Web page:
Brand Wars, Cordobas, and the iPad 2

Battles have been waged by major brands over market share since long before Gutenberg made it convenient to print marketing materials. You can go back thousands of years to find examples of hardcore marketing techniques designed to sway public opinion away from the opposition and into Brand X’s camp.

I’m sure that more than a few of the Mad Men wished they’d been able to employ some of those methods; had they been allowed to take some cues from the inquisition, for example, think how many more heretical Post Toasties buyers could have been convinced to switch to the one true cereal, the humble Kellogg’s Corn Flake.

Actually torturing consumers into changing brands hasn’t been socially acceptable since the Yugo’s demise, but that doesn’t mean that brands or their loyalists have become any less driven to prove that they’re the best on the block. The battles haven’t always been fought fairly and have, of course, led to some major missteps.

I couldn’t even afford beer, and I still stockpiled cases of original Coke when this was released.

Coke’s introduction of New Coke to combat Pepsi’s increasing incursion into Coke territory was a famously horrendous mistake, winning no new converts from Team Pepsi while simultaneously driving people out of the Coke camp into the cans of others, including the crazy aunt of sodas, RC Cola. Hiring 10-year-old Little Leaguers to hurl kola nuts at Pepsico headquarters would have been more effective.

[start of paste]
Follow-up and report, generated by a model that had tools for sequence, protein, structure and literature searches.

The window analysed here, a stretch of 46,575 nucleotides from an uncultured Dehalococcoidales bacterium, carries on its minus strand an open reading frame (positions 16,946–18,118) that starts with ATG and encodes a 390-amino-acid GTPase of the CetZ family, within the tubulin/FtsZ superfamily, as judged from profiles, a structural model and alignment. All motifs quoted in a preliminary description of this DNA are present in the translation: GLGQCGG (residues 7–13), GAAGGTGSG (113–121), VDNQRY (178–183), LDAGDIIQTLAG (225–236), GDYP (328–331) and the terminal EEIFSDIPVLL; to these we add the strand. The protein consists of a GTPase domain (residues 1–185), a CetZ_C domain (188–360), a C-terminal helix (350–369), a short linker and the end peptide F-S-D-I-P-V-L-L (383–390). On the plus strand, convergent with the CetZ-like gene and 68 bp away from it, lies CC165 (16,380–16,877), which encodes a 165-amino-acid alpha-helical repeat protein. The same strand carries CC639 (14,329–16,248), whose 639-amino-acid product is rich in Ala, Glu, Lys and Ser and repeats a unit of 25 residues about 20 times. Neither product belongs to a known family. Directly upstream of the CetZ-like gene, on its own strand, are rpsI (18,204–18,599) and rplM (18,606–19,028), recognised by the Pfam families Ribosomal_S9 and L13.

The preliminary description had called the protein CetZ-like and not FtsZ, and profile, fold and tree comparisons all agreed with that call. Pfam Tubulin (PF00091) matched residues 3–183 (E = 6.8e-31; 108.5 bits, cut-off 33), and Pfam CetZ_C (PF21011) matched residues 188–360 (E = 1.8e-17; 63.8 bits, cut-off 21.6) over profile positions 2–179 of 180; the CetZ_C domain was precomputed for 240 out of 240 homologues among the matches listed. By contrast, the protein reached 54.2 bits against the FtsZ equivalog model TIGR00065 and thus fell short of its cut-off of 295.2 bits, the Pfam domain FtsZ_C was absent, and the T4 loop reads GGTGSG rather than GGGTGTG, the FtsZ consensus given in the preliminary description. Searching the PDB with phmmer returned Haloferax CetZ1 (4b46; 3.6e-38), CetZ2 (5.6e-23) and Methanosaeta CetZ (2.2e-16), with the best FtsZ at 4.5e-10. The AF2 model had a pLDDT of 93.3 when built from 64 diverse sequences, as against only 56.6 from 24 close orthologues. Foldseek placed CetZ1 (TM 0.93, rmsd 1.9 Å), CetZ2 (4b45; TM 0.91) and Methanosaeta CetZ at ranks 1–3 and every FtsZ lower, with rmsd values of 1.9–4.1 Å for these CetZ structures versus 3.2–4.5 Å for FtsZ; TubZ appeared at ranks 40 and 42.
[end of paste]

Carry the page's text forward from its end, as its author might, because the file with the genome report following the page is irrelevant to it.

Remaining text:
In the last few years, thanks to the always-on and always-connected consumer base, a brand’s best friend has become more than a great ad campaign: it’s now almost essential for a brand to have a solid and vocal group of everyday consumers to act as product evangelists.

Armies of brand acolytes are nothing new, of course: those extremely classy stickers of the cartoon strip character Calvin urinating on car logos have been around for far longer than I’d like. Of course in those cases not much is accomplished beyond making a statement about the driver within; I don’t see anyone running out and trading in their Ford for a Chevy just because of Calvin’s righteous stream of vengeance.

But now, with consumer opinions not only valued but easily polled thanks to the internet, those product evangelists have more value than ever. They not only get the word out on specific products, but they help to underscore the tone set by major brands’ ad campaigns. And in the new millennium, despite what some of us old-school substance-over-style guys wish, it’s becoming more and more about tone.

For things like music or clothing, that’s an old wound that does have one redeeming quality: the collision of strong marketing tactics with consumers willing to be told what’s cool helps explain the successes of 80s hair bands and acid-washed jeans. But the rise of style-over-substance in markets where success should be achieved by building a better mousetrap gets under my skin. Great advertising and slick looking products should only go so far – quality and value should ultimately win the day.

Quien es mas macho? Ricardo Montalbán of course.